By Margaret Heidenry | Apr 25, 2017
As uncomfortable as it might be to get poked and prodded while you’re clothed in a paper gown, medical checkups are essential to maintaining your health. Well, guess what? That same wisdom applies to buying a home—particularly if that home is a condo. Why? Because with condos, you’re paying someone else to be in charge of a lot of the maintenance, from lawn mowing to repairs. What if they slack off and let that stuff go? If so, things will start to break down from neglect—and, like a sneeze spreading through an office, this could ultimately infect your own home, and how much it’s worth. So whether you’re shopping for a condo or just curious to know whether the one you’re already in is healthy, here’s how to conduct a thorough checkup.
Most doctors start a physical by taking a good look at the patient—likewise, you’ll want to give any association a thorough once-over.
“It’s a matter of observing the condition of the entire development, not just the home you’re considering buying,” says Lance Stendal, president of Omega Property Management in Maple Grove, MN. A well-kept association usually signals a robust bank account; one with a rundown appearance may suggest a lack of cash.
In the waiting room, you fill out a stack of papers about your health history because the past informs the future. Same goes for a condo association’s paperwork. As a purchaser, you’ll get a packet that typically contains the proposed annual budget and last year’s approved budget, says Scott Reidenbach, founding partner of Reidenbach & Associates, a Wayne, PA–based law firm.
Make sure the current budget accurately reflects needed routine maintenance; an association that’s consistently over budget is a sickly one. Capital improvements on the horizon should be mostly funded. If there is a shortfall, that money is more likely than not going to come out of your pocket—and possibly bleed you dry.
Questions to ask
A routine checkup may not reveal problems if you don’t ask the condo association board or managing agent the right questions. Here are two biggies:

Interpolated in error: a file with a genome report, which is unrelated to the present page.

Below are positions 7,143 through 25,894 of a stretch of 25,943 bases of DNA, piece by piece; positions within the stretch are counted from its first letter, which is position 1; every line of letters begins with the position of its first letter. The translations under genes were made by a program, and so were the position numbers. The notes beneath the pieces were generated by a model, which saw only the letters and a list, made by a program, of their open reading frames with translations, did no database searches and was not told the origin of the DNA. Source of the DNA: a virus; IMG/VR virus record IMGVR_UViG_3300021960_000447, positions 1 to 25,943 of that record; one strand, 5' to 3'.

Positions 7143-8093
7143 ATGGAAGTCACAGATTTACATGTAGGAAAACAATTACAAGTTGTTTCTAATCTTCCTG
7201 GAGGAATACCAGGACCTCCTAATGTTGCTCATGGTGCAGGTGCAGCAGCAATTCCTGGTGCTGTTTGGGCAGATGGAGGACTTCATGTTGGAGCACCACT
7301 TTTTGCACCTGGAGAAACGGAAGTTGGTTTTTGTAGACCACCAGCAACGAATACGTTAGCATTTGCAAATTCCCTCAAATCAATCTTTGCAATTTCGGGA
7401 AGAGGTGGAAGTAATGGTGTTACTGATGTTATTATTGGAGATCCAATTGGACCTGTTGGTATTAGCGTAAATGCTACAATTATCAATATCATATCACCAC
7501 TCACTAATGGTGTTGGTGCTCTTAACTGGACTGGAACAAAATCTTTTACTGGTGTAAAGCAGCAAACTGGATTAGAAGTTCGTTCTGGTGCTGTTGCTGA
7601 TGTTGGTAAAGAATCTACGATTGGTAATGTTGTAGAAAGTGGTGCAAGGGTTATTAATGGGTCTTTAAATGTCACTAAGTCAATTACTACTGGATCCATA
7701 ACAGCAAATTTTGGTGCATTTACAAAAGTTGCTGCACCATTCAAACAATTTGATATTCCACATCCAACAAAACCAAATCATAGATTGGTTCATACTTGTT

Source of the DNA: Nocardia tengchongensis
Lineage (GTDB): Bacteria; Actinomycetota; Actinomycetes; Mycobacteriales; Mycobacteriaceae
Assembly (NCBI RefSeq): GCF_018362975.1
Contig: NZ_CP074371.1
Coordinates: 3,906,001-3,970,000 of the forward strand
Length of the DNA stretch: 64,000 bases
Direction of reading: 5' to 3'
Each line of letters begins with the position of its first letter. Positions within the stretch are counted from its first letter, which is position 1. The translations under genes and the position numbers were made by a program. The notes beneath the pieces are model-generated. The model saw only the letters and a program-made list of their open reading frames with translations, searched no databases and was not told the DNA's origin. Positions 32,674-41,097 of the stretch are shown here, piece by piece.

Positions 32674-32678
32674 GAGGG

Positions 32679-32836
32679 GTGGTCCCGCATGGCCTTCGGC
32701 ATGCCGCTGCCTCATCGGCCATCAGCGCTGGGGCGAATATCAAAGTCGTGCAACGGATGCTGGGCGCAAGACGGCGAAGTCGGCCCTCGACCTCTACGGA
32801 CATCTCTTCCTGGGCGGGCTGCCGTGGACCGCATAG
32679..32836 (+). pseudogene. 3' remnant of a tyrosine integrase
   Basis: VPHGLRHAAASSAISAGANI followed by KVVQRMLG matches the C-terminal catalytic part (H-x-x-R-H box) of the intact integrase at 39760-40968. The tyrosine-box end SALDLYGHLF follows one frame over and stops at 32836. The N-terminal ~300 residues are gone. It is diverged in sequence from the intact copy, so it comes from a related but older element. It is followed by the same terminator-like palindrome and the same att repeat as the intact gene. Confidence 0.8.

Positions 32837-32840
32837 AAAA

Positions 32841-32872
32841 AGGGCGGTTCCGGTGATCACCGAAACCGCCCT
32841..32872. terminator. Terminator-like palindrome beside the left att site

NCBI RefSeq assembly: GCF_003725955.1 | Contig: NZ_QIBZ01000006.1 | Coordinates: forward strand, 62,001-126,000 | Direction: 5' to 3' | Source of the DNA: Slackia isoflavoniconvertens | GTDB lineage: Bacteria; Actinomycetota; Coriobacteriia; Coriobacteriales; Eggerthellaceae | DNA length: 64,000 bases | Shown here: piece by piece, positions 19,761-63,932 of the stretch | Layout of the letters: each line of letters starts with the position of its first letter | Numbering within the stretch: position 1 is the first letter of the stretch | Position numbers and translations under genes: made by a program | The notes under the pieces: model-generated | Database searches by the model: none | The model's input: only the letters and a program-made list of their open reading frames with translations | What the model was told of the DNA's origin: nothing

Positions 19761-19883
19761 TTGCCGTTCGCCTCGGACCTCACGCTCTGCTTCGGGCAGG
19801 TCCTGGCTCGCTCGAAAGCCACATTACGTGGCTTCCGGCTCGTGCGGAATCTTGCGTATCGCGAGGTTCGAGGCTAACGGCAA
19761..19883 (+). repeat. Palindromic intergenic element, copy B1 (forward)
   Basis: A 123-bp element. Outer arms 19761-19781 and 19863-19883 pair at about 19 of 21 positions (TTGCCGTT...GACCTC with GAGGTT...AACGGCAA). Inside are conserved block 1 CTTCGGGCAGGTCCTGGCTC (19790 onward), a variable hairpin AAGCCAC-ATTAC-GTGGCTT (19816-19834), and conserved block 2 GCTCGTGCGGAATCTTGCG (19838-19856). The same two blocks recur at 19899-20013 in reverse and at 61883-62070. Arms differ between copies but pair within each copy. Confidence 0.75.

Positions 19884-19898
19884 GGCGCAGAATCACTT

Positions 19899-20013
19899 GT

How many delinquent owners are there? Size matters in determining this. Two tardy owners will have more impact in a 10-unit association than a 100-unit association.
Is there any pending or threatened litigation? If so, say hello to pricey lawyers’ fees.
Beware if condo fees are too high—or low
Condo fees are the price you pay so that you can kick back at home while others are hired to repair roofs and clean the communal pool. So, condo fees aren’t bad per se, but nothing makes a condo owner’s blood pressure rise like constant hikes in fees.
Fee hikes are unpopular and can be prevented with responsible budgeting. So, ask if the board has raised the monthly dues on existing unit owners in the past—or plans to in the future. A consistent rise in fees is a symptom of financial trouble.
On the flip side, Stendal says to be wary of the siren song of low—or no—assessments, which could mean the board isn’t focused enough on the needs of the association. And deferring repairs in order to keep fees low simply digs a deeper hole. Don’t use the fee amount as a gauge for buying in one condo building over another until you understand how those monies are allocated, says Stendal. A fee of $250 might be better than $200 if it’s properly spent on operating expenses, budget, and contributing to reserves.
Measure your condo board’s immune system
A condo’s reserve account is like its immune system—it’s a special force that fights whatever curveballs come its way. To determine if it’s readily stocked with enough antibodies, check out the condo’s Replacement Reserve Study. This report helps a condo prepare for any major financial hits it might face in the future by detailing anticipated income and expenses over the next 30 years for capital projects.
The current balance sheet should show that the association has the money in the bank that the RRS recommends, not just what may seem like a large sum.
For perspective: Divide the total reserve balance by the number of units.
“A million dollars looks like a lot,” says Stendal. “But when you have to divide that among 400 homes, a share is only $2,500!”
If the condo faces an emergency and doesn’t have a full coffer, the owners might be bled dry with a surprise assessment or a permanent hike in condo fees.
If your condo is ailing, many states allow you to back out of a contract. For example, Minnesota mandates the seller provide the buyer with current financials, the most recent annual report, and a copy of the RRS, says Stendal. The buyer is given 10 days to review them. During that time, the buyer can cancel the contract for any reason and without penalty.
If your condo is suffering and you want to help revive it, become engaged in the process. Hold the board and management company accountable for the situation, and consider serving on the board yourself. It might take some work, but this ensures you’ll call the shots on your own condo’s health.
Margaret Heidenry is a writer living in Brooklyn, NY. Her work has appeared in The New York Times Magazine, Vanity Fair, and Boston Magazine.
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